Capricious Borders

Capricious Borders: Minority, Population, and Counter-Conduct Between Greece and Turkey

Olga Demetriou
Copyright Date: 2013
Edition: 1
Published by: Berghahn Books
Pages: 240
https://www.jstor.org/stable/j.ctt9qd1r1
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  • Book Info
    Capricious Borders
    Book Description:

    Borders of states, borders of citizenship, borders of exclusion. As the lines drawn on international treaty maps become ditches in the ground and roaming barriers in the air, a complex state apparatus is set up to regulate the lives of those who cannot be expelled, yet who have never been properly 'rooted'. This study explores the mechanisms employed at the interstices of two opposing views on the presence of minority populations in western Thrace: the legalization of their status as etablis (established) and the failure to incorporate the minority in the Greek national imaginary. Revealing the logic of government bureaucracy shows how they replicate difference from the inter-state level to the communal and the personal.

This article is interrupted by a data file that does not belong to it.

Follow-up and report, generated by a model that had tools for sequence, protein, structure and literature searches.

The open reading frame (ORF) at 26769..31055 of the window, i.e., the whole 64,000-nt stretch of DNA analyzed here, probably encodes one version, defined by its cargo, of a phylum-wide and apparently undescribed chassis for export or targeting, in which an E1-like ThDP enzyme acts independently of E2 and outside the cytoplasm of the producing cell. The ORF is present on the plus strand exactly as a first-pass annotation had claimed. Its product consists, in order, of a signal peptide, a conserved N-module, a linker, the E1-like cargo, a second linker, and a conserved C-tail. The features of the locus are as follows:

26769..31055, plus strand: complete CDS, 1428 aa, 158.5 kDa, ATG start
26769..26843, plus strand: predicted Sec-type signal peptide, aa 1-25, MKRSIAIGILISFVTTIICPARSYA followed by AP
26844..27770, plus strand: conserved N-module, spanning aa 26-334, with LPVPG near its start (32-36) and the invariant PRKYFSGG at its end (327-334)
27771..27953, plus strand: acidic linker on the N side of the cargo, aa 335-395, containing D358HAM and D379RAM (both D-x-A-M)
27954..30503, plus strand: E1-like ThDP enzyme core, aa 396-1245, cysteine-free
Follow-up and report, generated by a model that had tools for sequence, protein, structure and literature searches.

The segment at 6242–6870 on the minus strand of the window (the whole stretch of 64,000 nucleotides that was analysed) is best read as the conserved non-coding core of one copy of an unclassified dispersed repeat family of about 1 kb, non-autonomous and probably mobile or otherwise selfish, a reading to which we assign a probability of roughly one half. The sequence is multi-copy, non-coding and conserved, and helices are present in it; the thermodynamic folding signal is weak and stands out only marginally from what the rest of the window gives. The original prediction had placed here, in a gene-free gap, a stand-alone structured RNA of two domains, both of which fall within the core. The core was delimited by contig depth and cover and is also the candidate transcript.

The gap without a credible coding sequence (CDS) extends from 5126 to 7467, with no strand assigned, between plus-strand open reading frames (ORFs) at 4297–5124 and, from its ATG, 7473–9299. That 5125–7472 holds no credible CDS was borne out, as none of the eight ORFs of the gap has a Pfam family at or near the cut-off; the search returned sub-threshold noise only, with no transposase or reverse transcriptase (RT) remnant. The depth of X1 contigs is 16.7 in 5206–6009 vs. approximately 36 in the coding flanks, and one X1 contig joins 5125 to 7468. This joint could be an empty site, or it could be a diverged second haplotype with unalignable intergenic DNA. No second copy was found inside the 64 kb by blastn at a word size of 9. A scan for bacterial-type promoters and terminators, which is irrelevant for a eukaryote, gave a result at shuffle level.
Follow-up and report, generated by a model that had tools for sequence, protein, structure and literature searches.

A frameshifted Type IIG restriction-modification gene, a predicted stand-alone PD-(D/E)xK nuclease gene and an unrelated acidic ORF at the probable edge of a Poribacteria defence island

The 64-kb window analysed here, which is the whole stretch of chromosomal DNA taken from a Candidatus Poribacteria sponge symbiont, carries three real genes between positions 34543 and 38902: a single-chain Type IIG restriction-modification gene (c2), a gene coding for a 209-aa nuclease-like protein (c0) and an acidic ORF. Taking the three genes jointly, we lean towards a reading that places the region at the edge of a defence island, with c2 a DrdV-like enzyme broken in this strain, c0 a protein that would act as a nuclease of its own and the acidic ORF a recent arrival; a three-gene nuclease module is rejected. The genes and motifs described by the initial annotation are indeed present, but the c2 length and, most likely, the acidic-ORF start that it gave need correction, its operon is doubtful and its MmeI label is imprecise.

eISBN: 978-0-85745-899-5
    Subjects: Sociology, Anthropology

Table of Contents

  1. Front Matter
    (pp. i-vi)
  2. Table of Contents
    (pp. vii-vii)
  3. List of Illustrations
    (pp. viii-ix)
  4. Acknowledgements
    (pp. x-xii)
  5. Note on Transliteration
    (pp. xiii-xiv)
  6. Chapter 1 Cotton, Tobacco, Sunflowers
    (pp. 1-23)